From the get-go, his willingness to acknowledge that the UUP may have to “shrink to grow”, as traditional supporters of the party may not have related to the unprecedented liberal Unionist sentiment and his overarching objective of creating a “Union of People” that he was attempting to achieve, caught my attention and illustrated his willingness to fill this crucial gap in Northern Irish Unionist politics. Moreover, his backing of the ban on gay conversion therapy in Northern Ireland last year, in the early stages of his leadership, was monumental and firmly illustrated that, under his direction, Northern Irish Unionism was undoubtedly shifting for the better.
Whilst the party is by no means perfect, evident following the recent surfacing of some of his historical tweets that were of a xenophobic and misogynistic nature, which has certainly jeopardised the electoral support he has worked so strenuously to gain for himself and his party to some degree, his handling of the situation, in quickly holding himself accountable whilst simultaneously pledging to do better, has only strengthened my belief that he must continue to serve as the face of progressive Unionism. Comparatively, I believe that the failure of the other Unionist parties to understand the necessity of transitioning toward social progression and, thus, to appeal to a much more extended voter base, will only serve to assist in their downfall.
Recognition of wrongdoing, accountability and forgiveness are central aspects of the Good Friday Agreement. We must acknowledge that politicians, like everyone else, have a past that should not continue to define their future, which is of utmost relevance in our post-conflict society. Doug Beattie is a prime example of how regressive attitudes can be eradicated and his work in providing a never-before-seen platform for forward-thinking Unionism should not be erased and discredited because of viewpoints he no longer represents. Whilst the thought of pledging official allegiance to one particular party is off-putting to me, never before have I felt such a strong urge to do so, as I do now, for the UUP under Doug Beattie.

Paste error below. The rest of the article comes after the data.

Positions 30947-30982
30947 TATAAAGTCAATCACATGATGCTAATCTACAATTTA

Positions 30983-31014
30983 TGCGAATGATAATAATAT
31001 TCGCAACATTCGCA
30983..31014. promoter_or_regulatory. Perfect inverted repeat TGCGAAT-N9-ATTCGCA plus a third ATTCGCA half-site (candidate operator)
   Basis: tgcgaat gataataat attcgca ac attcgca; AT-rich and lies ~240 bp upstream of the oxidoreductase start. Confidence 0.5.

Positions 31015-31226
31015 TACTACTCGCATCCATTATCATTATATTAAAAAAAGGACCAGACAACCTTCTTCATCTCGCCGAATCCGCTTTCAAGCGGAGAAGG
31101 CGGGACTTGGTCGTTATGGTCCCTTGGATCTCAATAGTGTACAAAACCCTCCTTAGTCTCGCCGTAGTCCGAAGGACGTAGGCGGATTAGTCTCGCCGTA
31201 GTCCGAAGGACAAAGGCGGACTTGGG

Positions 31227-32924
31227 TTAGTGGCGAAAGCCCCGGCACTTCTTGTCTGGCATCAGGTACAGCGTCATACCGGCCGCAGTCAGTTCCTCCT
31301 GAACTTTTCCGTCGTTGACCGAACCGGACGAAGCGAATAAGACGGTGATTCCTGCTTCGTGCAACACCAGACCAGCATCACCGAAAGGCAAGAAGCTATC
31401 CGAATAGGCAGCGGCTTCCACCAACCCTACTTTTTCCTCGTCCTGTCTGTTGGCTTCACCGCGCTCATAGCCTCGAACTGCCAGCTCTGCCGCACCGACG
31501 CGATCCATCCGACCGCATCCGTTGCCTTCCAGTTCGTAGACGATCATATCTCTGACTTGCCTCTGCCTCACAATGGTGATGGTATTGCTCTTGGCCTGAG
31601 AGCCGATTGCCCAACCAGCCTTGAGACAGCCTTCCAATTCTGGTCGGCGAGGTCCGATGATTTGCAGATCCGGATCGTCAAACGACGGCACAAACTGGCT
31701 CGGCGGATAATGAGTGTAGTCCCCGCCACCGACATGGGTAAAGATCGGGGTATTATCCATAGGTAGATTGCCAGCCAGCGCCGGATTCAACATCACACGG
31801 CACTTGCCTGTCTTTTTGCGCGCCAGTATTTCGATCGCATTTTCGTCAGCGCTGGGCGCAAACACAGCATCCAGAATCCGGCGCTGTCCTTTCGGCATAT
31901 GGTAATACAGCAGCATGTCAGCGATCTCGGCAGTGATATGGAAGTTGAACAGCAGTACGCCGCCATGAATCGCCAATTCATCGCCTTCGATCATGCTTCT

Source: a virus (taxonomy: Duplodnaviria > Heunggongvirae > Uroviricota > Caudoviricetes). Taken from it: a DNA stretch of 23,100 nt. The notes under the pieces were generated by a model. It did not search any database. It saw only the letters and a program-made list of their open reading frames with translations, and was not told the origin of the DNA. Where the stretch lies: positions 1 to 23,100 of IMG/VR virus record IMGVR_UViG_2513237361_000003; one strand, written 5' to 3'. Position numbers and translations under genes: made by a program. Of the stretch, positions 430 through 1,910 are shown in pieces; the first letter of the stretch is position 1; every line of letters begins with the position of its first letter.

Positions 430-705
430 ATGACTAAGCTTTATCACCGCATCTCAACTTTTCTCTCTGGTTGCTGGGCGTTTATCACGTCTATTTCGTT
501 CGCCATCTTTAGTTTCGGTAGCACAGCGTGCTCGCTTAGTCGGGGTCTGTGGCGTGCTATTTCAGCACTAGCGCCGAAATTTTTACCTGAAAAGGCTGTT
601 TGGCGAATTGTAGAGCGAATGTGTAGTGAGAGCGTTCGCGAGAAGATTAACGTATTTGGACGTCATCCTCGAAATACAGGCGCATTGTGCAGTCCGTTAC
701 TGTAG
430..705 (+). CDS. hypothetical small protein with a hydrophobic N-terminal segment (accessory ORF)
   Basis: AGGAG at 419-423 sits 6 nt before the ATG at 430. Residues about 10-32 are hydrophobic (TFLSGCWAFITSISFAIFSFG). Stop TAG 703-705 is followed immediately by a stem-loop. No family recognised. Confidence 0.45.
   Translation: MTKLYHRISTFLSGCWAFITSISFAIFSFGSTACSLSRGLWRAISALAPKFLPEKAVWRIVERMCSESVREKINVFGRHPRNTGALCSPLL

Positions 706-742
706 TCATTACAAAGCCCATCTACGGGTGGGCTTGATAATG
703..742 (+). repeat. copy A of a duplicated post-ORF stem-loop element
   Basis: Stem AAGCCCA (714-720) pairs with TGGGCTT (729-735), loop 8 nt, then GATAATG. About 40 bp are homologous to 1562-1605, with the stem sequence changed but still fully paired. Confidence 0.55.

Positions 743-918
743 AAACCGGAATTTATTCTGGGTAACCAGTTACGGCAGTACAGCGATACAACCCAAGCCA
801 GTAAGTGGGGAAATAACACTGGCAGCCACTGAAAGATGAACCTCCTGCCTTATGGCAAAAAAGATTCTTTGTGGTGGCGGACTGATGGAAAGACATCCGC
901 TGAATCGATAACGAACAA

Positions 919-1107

I believe that political viewpoints are shifting in the younger electorate and that this upcoming election may be one of the most significant of this generation. Despite my obvious Unionist political outlook, I hope that this election enables the younger members of the electorate to feel a sense of empowerment to become politically active, regardless of what political affiliations they attach to themselves. We must allow ourselves to vote for what we believe in, rather than letting any external pressures, which may be being exerted onto us, influence our decisions.
Northern Irish politics is changing for the better, whether you choose to progress with it or not, and reconciliation and cooperation must remain at the forefront of our political actors. I can only hope that our current political crisis will encourage the masses, in the build-up to this election, to realise that urgent change from the status quo is necessary, to a more collaborative political composition.
Reuben Kane is a final year Law Student at QUB and aspiring commercial solicitor, with interests in Corporate Social Responsibility, Intellectual Property and Human Rights.